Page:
Moderates followed the principles of Prayers, Petitions, and Protests to pressurize the British Government. They organized public meetings, submitted memorandums to the Government to redress the grievances of the people; If the Government was stubborn to their demands, they used to protest against it.

Dadabhai Naoroji established the East India Association in 1866. This Association took up the Indian issues at London and attempted to influence the British public and British legislators to enact policies and laws favoring Indians.

The British were hostile towards the Congress since its establishment and they developed a stem attitude towards the moderates. Their policy was nicknamed as ‘Political Mendicancy’ (begging for political concessions) by the Extremists. They called the Congress as a ‘Factory of sedition’ and leaders as ‘Seditious Brahmins’ and ‘Disloyal Babus’.

KSEEB Solutions

Moderates were true patriots and they brought political maturity to the Indians. They exposed the exploitative character of the colonial rule and policies of the British. They were able to underline that the duty of the Government was to consider the interests of the Indians.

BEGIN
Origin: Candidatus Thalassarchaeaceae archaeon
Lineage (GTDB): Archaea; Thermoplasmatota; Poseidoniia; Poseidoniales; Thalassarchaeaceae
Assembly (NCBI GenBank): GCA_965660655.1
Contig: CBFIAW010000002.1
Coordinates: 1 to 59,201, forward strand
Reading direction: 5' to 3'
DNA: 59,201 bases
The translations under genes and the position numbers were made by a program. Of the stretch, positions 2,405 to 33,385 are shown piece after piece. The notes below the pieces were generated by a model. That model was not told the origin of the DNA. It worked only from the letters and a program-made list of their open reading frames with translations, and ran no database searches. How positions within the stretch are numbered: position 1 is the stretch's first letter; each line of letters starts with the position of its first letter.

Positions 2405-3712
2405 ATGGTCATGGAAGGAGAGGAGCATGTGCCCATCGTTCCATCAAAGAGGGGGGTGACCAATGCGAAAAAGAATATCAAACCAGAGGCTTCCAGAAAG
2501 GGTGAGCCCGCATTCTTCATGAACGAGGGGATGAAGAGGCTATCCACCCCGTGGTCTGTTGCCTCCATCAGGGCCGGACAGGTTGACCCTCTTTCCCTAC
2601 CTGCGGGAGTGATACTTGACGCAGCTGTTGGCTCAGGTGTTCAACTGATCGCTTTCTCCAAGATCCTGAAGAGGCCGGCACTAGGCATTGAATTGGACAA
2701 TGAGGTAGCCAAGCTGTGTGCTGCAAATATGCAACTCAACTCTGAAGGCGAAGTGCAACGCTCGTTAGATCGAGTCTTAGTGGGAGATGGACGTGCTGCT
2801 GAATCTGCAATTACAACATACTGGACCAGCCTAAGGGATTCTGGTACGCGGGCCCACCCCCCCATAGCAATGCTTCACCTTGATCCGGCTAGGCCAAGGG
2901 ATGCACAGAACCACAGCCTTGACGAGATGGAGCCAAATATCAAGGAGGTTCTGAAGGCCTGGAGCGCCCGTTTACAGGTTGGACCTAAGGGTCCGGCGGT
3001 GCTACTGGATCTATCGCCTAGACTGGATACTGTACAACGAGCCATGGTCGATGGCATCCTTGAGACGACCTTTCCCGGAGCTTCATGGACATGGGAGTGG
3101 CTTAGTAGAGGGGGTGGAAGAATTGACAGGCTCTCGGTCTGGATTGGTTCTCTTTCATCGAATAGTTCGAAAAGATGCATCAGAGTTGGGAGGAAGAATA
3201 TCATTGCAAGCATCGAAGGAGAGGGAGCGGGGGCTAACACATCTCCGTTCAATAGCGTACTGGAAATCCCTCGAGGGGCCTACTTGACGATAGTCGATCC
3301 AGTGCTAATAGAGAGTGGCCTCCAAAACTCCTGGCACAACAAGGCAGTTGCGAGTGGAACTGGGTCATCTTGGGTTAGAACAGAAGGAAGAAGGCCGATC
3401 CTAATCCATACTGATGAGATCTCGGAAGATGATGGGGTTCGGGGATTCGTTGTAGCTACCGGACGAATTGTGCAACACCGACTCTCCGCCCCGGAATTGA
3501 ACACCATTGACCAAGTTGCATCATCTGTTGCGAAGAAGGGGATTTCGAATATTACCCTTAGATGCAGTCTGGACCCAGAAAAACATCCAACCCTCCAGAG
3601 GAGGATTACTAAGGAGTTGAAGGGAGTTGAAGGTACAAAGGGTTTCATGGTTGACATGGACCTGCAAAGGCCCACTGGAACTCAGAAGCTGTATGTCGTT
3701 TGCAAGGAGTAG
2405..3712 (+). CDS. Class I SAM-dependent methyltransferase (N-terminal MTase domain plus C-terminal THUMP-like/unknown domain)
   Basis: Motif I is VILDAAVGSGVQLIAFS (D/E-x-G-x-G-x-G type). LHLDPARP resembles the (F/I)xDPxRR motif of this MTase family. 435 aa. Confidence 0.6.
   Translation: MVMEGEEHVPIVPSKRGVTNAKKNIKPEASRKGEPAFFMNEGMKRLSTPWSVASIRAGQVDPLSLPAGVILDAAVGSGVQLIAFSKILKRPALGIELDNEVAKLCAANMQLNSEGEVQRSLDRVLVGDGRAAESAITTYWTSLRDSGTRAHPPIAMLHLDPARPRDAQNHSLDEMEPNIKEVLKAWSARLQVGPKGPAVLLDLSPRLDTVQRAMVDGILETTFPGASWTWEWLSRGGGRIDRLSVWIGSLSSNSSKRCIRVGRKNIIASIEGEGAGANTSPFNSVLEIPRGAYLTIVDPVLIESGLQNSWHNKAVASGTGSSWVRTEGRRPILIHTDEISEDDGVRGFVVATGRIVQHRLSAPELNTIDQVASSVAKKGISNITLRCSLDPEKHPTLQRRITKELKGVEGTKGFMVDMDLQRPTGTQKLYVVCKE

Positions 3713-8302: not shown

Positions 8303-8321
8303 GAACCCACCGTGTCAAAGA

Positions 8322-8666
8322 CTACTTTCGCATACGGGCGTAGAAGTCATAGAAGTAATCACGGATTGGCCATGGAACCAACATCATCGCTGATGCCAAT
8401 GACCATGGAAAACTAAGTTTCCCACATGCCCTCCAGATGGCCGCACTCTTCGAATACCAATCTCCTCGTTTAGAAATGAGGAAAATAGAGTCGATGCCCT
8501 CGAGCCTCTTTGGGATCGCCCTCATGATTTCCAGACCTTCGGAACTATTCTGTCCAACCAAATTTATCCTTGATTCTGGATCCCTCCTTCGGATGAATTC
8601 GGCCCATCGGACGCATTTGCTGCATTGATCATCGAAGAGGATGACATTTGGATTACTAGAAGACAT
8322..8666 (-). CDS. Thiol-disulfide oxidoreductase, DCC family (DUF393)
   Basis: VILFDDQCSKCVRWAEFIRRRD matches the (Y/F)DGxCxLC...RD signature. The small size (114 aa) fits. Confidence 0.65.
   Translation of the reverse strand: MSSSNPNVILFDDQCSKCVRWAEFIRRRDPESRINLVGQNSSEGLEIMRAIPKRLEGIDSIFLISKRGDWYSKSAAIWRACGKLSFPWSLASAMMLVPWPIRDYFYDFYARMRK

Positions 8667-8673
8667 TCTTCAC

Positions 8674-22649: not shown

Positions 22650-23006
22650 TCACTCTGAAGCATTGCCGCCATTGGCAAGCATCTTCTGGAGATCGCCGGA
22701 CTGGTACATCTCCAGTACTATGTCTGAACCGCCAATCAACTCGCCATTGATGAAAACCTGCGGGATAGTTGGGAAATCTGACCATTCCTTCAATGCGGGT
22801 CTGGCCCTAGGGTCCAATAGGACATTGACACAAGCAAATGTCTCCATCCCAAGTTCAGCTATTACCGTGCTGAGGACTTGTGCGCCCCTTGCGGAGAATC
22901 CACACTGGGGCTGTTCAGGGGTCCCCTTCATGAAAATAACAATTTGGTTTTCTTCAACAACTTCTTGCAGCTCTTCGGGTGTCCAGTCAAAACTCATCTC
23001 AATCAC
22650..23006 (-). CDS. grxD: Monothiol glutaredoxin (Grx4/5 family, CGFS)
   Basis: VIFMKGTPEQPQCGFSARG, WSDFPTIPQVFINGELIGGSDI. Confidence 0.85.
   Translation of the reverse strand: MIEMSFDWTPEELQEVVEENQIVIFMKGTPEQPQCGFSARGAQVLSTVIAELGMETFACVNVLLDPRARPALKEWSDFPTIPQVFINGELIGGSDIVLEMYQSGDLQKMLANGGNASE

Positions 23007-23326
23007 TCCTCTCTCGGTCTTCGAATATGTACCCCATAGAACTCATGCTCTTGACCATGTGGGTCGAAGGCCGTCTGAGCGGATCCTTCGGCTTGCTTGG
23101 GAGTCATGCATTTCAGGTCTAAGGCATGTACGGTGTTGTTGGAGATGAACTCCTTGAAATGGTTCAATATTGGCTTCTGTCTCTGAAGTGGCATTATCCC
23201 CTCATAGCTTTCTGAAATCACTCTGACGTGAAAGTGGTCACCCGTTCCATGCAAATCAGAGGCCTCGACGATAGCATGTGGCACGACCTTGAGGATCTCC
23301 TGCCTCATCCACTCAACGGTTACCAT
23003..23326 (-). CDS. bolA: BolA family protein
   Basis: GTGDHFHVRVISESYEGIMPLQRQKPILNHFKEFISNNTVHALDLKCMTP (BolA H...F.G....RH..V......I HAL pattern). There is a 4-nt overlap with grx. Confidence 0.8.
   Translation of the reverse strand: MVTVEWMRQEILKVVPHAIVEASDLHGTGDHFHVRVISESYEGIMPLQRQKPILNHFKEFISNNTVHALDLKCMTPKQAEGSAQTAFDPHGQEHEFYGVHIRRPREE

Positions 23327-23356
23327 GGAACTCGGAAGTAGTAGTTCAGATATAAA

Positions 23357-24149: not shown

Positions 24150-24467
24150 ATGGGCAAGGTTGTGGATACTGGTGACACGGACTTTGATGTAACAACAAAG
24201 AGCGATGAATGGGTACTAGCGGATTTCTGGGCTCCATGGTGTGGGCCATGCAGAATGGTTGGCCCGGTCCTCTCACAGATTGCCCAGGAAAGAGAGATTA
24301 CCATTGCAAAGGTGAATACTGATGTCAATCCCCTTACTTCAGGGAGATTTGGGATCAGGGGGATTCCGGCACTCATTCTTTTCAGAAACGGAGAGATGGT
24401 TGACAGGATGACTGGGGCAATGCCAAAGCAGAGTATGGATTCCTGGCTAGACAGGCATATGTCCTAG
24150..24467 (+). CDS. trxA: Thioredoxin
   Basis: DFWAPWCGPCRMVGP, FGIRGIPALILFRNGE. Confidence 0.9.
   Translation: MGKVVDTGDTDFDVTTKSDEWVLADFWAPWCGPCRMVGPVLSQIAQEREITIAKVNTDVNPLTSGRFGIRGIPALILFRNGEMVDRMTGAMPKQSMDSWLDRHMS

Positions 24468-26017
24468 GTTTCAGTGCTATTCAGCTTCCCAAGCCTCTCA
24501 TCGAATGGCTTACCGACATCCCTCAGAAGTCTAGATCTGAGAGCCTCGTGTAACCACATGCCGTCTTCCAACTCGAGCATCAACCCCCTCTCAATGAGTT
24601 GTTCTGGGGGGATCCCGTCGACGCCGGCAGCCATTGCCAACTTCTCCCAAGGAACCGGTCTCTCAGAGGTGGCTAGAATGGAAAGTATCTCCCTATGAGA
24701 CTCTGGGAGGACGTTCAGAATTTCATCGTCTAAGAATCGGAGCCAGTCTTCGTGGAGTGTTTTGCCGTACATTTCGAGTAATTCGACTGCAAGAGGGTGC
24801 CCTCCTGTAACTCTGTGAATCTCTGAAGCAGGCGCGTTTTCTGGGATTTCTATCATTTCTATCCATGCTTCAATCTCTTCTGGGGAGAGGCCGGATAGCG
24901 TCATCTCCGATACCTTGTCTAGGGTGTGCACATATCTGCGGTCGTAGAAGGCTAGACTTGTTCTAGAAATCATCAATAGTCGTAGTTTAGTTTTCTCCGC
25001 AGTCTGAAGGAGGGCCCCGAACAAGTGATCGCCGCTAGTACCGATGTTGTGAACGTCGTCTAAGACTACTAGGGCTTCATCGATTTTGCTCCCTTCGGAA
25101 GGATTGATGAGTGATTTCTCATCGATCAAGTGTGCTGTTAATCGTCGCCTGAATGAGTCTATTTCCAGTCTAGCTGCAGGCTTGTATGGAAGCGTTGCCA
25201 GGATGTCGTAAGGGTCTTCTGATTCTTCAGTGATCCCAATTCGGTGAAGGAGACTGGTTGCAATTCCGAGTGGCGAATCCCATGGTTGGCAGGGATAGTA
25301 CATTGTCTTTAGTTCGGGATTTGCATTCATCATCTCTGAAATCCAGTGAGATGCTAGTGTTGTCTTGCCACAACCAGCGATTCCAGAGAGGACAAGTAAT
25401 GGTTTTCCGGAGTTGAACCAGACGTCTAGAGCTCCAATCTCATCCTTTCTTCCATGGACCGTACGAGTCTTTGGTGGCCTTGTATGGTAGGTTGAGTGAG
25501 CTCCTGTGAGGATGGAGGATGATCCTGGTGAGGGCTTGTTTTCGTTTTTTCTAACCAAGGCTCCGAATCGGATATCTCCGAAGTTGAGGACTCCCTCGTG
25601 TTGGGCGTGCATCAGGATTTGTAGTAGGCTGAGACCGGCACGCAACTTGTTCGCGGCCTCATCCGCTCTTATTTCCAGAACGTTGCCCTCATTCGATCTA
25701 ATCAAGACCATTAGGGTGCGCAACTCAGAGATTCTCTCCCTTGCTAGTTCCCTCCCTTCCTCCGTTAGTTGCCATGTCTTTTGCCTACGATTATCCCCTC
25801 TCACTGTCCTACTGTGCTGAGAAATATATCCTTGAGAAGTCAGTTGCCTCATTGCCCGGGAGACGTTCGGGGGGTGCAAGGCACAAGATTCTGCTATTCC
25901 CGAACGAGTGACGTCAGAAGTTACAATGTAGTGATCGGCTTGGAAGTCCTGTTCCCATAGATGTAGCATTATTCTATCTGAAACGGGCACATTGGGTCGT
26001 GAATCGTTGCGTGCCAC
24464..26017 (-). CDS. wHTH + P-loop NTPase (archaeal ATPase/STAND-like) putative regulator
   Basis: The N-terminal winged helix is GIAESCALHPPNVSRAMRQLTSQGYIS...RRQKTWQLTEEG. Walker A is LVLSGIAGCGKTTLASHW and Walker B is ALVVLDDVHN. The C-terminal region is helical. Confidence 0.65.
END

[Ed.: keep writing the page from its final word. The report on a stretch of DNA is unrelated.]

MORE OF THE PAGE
The notable results of their demands was the Indian Councils Act of 1892. The Moderates played a very important role in the freedom movement in India. They sowed the seeds of liberalism and nationalist ideas in the minds of Indians.

2. Second Phase – The period of the Extremists – 1905-1920:
The Indian National Movement entered a new phase after 1905. The Extremists were radical and militant in their approach in contrast to the Moderates. They believed that reforms could not be secured by mere talk, and only by action. They blamed the British rule for all the prevailing problems and were called Extremists or Radical Nationalists.

Extremists convinced the public that Self – Government was essential for the sake of the economic, political and cultural progress of the country. Extremists had grown in self – confidence. The leaders of the extremists were Bal GangadharTilak, Bipin Chandra Pal and Lala Lajpat Roy.

Important events during the Extremist’s Period :

1. Partition of Bengal in 1905:
In 1905, Lord Curzon partitioned Bengal into two parts as East Bengal and West Bengal. He justified the partition on administrative convenience, as Bengal was too big a province to be administrated by a single provincial Government. The real intention of the order was to curb the growing national feeling in Bengal. The people staunchly opposed this and indulged in the anti partition movement, boycott of foreign goods and usage of only swadeshi goods.

2. The Surat Split-1907: